Tuesday, August 02, 2005

Microsoft's patent applications onslaught!

Here it comes!

The reaction to Microsoft applying for, and being awarded oodles of patents is becoming vitriolic. Anytime MSFT is sued, they deserve it.

However, when they apply for, or are awarded a patent, these same people start moaning, and look for prior art.

In a blog on Fast Company, the writer references an article in yeaterday's New York Times complaining of the patent system in general, and the volume of Microsoft's patent applications and awards in particular. Nowhere (in the NYTimes article) did I see any references to the volume of awards to other companies.

And the NYT article contained glaring omissions. All these by a 'Silison Valley historian'.

As usual, the fangs came out, with errors everywhere.

The following is my reply to such a post:

_______________________________________________
gg, Stop!

If you have no idea what you're talking about, and clearly, you don't, do not regurgitate what you read in the blogosphere as fact.

  1. Microsoft bought the code for DOS from Seattle (Micro) Computer Products, and modified it.
  2. Xerox Palo Alto Research Center (PARC) developed the original graphical user interface. They did not develop the Microsoft Windows GUI.
  3. What Microsoft is doing is lawful. Using the law for competitive advantage is not only OK, it is the right thing to do.
  4. Whatever is done in other countries is fine for them. However, I don't see as much innovation coming from their copycat ideas. Heck, I don't see ANY innovation at all.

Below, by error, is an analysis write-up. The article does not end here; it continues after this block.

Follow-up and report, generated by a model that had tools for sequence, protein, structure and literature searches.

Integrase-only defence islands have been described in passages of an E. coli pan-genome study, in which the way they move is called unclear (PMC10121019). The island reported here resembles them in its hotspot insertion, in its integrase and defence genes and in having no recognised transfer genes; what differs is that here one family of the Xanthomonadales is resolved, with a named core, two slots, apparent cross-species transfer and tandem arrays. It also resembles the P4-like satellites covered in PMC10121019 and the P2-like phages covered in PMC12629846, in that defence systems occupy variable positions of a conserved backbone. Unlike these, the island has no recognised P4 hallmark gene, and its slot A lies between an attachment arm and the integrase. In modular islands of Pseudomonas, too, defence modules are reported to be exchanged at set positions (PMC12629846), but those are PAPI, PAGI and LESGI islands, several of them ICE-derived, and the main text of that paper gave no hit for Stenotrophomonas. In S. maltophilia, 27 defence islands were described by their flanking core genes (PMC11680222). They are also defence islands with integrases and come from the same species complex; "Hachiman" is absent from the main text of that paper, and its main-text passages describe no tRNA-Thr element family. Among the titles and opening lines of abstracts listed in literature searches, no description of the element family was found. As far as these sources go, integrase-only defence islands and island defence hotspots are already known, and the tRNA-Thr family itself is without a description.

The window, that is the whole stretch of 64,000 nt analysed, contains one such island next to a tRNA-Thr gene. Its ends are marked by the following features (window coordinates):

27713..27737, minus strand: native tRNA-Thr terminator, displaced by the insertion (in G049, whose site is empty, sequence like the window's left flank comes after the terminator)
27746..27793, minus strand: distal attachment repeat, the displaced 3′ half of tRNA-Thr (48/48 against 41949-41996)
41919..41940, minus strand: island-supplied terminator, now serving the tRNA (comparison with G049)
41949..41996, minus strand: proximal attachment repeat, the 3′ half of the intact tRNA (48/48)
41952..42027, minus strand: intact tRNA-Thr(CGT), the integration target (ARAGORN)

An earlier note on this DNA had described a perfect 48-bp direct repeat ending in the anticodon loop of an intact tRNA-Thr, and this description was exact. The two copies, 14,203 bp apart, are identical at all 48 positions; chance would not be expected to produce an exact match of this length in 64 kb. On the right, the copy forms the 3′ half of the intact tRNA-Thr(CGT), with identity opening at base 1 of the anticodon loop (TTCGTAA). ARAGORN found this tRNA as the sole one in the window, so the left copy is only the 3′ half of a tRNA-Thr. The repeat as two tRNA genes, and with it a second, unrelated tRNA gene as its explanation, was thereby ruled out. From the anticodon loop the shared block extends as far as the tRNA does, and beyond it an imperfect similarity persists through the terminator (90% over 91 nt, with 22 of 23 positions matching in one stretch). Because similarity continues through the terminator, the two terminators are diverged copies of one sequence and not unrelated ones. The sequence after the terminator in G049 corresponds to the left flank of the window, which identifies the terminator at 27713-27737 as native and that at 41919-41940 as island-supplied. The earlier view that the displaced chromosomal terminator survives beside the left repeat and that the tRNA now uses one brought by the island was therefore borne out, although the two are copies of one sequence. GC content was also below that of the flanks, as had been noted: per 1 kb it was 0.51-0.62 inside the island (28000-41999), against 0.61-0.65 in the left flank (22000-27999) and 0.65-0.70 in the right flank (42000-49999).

If Microsoft spends $680m USD on forward-thinking innovation yearly, that is still a lot of cash.

Upper management at MSFT has a fiduciary duty to shareholders to improve the business. If spending $6.12b USD on gradual improvements in current software systems is what improves the lot of shareholders, then do that.

Rather that than some esoteric research that will never bear fruit in this reality.

If the research brings in small, useful innovations, then, by all means, patent them.

Where are all these contrarians when Microsoft is sued for software patent infringement? Where?

If Microsoft can use its own patents as a club to stop patent hawks from suing, then all is well.

Furthermore, if this is history as seen by 'Silicon Valley historian' Randall Stross, I cringe at what history he is seeing, and writing about.

A waste of valuable trees.

To wit:
"That is not what the framers of the Constitution wanted." And you know this, how??? Did you channel the Constitutional Drafting Committee?

The EU rejected uniform software patent standards accross its territory. It did not reject software patents; all software patent legislation is individual countries are still valid. Sheeez!

I'm not a historian or journalist, but I read everywhere that journalists always check their facts. That must not apply to Silicon Valley historians.

The Facts.

Just The Facts!